Ten years ago you would be hard-pushed to describe a banking experience as fun. Unless you were cashing in an extremely large cheque – and how often did that happen? – it was categorically all a chore: getting there, queuing in a thoroughly grey space, form-filling, wrong-form-filling, queuing some more, being “helped” by a bored, barely-present teller.
But look now. Banks are fresh-faced and forward-looking, their modernity telegraphed by their Very Colourful Cards. Coral! Teal! Rose quartz metal! They’re helpful too, their customer-friendly services including payment categorisation, bill-splitting features and easy ways to save, through “vaults” and “pots” and “goals”.
Such are the on-trend USPs of the digital-only challenger banks. From Metro to Monzo, Starling to Revolut, these are the start-ups revolutionising the banking experience, proving especially popular among Generation Z‑ers and Millennials. According to research conducted by Crealogix last year, one in four people in the UK under 37 uses a digital-only challenger bank, while up to a third claim to have two or more challenger accounts. With banking changing relatively little in the last hundred years, the emergence of these banks is unprecedented. Where did they come from?
The challenger bank may be seen by some as the phoenix which rose from the ashes of the 2008 recession. Historically, four main banks have dominated in the UK.
When the 2008 financial crisis struck, confidence and trust in the Big Four – that is, Barclays, Lloyds, HSBC and Royal Bank of Scotland – wavered. So in 2012, the Government passed the Financial Services Act. It promised to reform financial regulation and facilitate competition in an industry deemed to have become “too concentrated”.
Metro Bank – the first new high street bank in over 100 years – was the most visible of the upstart banks. A riot of red and blue, it had appeared boldly on the high street, offering customers working hours of 8am to 8pm, seven-days-a-week opening and perks to boot: safety deposit boxes for paperwork and jewellery, customer lavatories and water bowls for pets.
But as in so many other areas of modern life, the bricks and mortar experience gave way to a digital one. The New Bank would be an Online Bank, no bored teller required.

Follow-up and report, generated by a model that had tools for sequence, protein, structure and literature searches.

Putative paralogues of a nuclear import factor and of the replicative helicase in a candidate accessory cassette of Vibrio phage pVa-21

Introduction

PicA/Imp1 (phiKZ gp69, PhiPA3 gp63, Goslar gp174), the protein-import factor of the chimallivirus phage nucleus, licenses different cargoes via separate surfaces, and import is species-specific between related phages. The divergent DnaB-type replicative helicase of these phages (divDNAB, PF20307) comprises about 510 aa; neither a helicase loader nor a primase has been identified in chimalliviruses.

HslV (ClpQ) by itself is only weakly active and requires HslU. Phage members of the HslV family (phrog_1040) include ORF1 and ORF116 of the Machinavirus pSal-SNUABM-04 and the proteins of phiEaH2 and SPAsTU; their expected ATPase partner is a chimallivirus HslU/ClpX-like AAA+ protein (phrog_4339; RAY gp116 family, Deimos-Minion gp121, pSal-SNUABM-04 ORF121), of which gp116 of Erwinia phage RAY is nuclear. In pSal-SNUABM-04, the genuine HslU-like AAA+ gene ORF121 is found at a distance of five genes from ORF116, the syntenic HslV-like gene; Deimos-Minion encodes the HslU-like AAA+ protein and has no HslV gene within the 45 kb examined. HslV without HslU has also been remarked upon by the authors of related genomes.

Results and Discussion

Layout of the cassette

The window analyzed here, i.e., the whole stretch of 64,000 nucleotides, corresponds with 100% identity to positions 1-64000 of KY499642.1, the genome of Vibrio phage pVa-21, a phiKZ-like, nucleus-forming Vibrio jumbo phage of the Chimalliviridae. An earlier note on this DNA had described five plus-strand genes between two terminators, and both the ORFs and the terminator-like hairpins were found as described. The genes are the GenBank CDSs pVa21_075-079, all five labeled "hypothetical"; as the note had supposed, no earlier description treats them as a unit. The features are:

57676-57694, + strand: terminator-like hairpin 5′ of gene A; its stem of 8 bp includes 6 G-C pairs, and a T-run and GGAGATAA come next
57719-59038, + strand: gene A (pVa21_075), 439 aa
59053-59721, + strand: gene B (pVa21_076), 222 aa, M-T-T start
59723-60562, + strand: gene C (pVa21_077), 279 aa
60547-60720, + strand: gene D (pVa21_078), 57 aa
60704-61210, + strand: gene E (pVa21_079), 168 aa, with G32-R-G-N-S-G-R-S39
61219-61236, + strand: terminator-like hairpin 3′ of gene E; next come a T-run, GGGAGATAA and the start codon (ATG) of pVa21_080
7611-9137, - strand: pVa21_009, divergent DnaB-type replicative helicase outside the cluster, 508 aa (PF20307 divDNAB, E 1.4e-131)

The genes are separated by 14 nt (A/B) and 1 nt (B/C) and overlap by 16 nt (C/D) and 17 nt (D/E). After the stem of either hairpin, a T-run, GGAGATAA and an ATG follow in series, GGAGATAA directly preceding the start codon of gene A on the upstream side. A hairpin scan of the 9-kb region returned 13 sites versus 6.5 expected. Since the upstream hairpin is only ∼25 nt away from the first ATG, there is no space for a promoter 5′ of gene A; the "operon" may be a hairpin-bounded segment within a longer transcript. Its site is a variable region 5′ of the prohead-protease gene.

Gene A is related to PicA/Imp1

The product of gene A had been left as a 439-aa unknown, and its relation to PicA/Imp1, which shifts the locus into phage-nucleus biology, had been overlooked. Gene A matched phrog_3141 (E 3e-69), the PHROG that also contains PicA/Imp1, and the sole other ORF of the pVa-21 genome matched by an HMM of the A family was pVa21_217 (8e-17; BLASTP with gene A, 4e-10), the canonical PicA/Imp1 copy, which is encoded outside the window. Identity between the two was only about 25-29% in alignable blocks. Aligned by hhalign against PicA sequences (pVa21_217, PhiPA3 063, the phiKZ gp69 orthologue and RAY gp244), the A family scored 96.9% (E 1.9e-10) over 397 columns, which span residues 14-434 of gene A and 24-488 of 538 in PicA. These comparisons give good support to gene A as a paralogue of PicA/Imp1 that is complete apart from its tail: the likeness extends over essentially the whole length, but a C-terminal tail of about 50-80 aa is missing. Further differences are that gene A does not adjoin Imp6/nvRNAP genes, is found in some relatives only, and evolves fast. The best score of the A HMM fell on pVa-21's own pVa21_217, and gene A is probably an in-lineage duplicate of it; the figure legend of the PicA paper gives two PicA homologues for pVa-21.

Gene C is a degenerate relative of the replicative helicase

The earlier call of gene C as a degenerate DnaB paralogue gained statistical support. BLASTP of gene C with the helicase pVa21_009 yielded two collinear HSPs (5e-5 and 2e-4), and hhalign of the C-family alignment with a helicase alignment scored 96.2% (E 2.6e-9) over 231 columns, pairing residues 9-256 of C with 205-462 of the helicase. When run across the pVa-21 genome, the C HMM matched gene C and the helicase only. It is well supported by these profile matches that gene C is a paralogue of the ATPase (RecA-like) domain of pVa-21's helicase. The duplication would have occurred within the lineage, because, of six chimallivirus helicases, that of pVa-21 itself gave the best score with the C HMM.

Starling Bank was founded in Anne Boden in 2014, the same year Atom Bank was born. In 2015 came Monzo and Revolut. Their mission was clear: to offer digital-only banking with the promise of greater control over finances, convenience, new products, ethics – and a bit of fun thrown in for good measure.
“I had come to the conclusion that banks were broken,” says Anne Boden, who launched Starling Bank after a career in traditional banking. “[They] were no longer appropriate for what people really wanted. There were lots of industries that had really dramatically changed and been disrupted. People were buying their music differently, they were texting and WhatsApping, they weren’t talking on the phone.”
Big banking, she points out, hadn’t changed “for hundreds of years”. Then, when they did move with the times, they moved, well, lazily.
“The branch model had moved to contact centres, the contact centre had moved to the internet, and the internet had moved to the app. Things were pretty stale and things hadn’t really changed. So I decided to quit my job in the old industry to start a new bank with a very, very different engagement model with customers.”
Nik Storonsky, co-founder of Revolut, was inspired by a similar dissatisfaction with the banking culture. “Following the collapse of Lehman Brothers in 2008, I ended up working at Credit Suisse, where I met Vlad Yatsenko, Revolut’s co-founder and CTO. We were both frustrated by the fees charged to send money abroad, and were disillusioned with the finance industry.
“We had seen first-hand the fees that were added to transfers, and discovered that there wasn’t anything on the market that provided a card and the ability to hold, send and spend multiple currencies without being stung by fees… We launched Revolut as a way to rebuild the finance industry from the ground up using technology, while saving people money.”
The new kids on the block promised to value each and every one of their customers – and their money, too. Ethical values were proclaimed, as were community values, fair wages for staff and transparency. This openness, ease of use and those pop-coloured debit cards, drew younger customers in their droves to these disruptor financial organisations.